A Biblical Prescription for Healthy Body Life

"Community" is one of the current buzzwords in Christian circles today. And for good reason. The power of the gospel both creates and sustains a new community. 

But what does biblical community actually look like? We get the answer from the many “one another” commands given in the New Testament. These commands, which have been called the “house rules for God’s family,”[1] guide us in two ways. They highlight how relationships are central to healthy spiritual growth, and they show us in practical ways how to promote such growth.

I will summarize the “one another” commands in five broad categories that together offer a well-balanced prescription for healthy body life. Remember, these commands are reciprocal—we should all be on both the giving and receiving ends.

1. Get Together

At the most basic level, we must begin by getting together! This is implicit in the commands to greet one another (Rom 16:1-16, 1 Cor. 16:20, 2 Cor. 13:12, 1 Pet. 5:14) and show hospitality to one another (1 Pet. 4:9). You cannot get to know someone deeply if you don’t know them at all! The process begins with greeting. Saying hello. Having a conversation.

After conversation, the New Testament envisions something more meaningful: inviting other believers into your home and into your life. Of course, showing hospitality often requires self-denial and hard work, which may be one reason Peter says “show hospitality to one another without grumbling” (1 Pet. 4:9). Most of us only welcome into our homes and lives people who are like us, those with whom we are naturally most comfortable. While it is fine for Christian hospitality to begin more or less inside our comfort zone, the idea is to push beyond it, welcoming fellow believers who may be very different from us.

We see this in Romans 14-15, where Paul exhorts the believers in Rome to extend the love of Christ to one another in spite of their different perspectives and practices in dietary matters.

May the God of endurance and encouragement grant you to live in such harmony with one another, in accord with Christ Jesus, that together you may with one voice glorify the God and Father of our Lord Jesus Christ. Therefore welcome one another as Christ has welcomed you, for the glory of God (Rom. 15:5-7).

Here, at the height of his argument for Christian unity, Paul points the Romans to the power, the model, and the reason for welcoming one another into their lives.
  • The power for welcoming one another and living in harmony comes from God himself, “the God of endurance and encouragement(v. 5), again acknowledging that hospitality and openness are not always easy.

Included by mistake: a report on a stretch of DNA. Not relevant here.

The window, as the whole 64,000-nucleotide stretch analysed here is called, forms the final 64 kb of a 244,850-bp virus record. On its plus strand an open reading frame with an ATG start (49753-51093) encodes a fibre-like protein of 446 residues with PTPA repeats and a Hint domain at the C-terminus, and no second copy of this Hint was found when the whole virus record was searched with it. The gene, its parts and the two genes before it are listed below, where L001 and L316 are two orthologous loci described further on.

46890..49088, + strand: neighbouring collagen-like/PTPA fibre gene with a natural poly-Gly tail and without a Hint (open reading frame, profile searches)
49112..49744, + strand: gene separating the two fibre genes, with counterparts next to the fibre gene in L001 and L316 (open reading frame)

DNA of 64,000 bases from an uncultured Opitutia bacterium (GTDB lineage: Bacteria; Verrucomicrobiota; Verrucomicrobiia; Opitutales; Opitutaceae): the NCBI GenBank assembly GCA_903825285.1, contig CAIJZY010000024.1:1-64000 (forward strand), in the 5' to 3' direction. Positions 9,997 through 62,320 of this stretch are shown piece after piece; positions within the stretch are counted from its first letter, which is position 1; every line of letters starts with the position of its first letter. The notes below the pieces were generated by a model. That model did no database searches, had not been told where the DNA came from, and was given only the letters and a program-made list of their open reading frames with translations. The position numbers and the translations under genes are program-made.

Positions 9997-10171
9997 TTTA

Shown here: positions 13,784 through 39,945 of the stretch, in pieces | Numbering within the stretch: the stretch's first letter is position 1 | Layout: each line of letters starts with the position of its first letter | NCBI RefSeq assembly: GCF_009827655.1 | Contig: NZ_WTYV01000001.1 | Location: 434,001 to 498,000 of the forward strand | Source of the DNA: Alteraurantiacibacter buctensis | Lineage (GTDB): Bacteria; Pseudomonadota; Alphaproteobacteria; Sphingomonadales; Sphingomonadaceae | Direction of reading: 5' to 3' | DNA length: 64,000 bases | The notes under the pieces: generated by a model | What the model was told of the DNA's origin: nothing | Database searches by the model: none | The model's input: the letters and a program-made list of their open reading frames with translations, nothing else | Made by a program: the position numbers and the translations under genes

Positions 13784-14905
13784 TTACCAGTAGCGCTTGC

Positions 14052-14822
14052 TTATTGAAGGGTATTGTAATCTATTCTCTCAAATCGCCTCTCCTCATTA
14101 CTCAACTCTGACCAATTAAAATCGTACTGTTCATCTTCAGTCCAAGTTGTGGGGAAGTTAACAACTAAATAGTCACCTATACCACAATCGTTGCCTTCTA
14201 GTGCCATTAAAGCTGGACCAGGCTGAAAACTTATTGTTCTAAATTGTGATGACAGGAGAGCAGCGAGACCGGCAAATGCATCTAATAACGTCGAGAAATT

• The model is Christ: “Live in harmony with one another, in accord with Christ Jesus . . . therefore welcome another as Christ has welcomed you” (v. 7).
  • The reason is the glory of God: “live in harmony with one another in accord with Christ Jesus, that you may with one voice glorify the God and Father of our Lord Jesus Christ” (v. 6) and “Welcome one another . . . for the glory of God” (v. 7).

Greeting one another. Showing hospitality to one another. Welcoming one another. These are the first steps to community. To build transforming relationships with others, we have to get together. 

2. Show Love

The most often repeated command regarding Christian relationships is simply, “love one another” (Jn. 13:34-35; 15:12, 17; 1 Thess. 4:9; 1 Jn. 3:11, 16, 23; 4:7, 11-12; 2 Jn. 1:5). “A new commandment I give to you, that you love one another: just as I have loved you, you also are to love one another” (Jn. 13:34). Paul teaches that we fulfill the law through loving one another (Rom. 13:8). And Peter says that we are to “love one another earnestly from a pure heart” (1 Pet. 1:22).

But, of course, love is not just a sweet, sentimental feeling. Loving one another requires treating one another with the same grace and kindness, forgiveness and forbearance that Christ has extended to us. In other words, loving others is often costly and painful. But it is in the very costliness of loving others that we become more like Jesus. In fact, as the following passages of Scripture indicate, God intends our relationships to be the primary contexts for learning to follow Jesus in the path of costly love.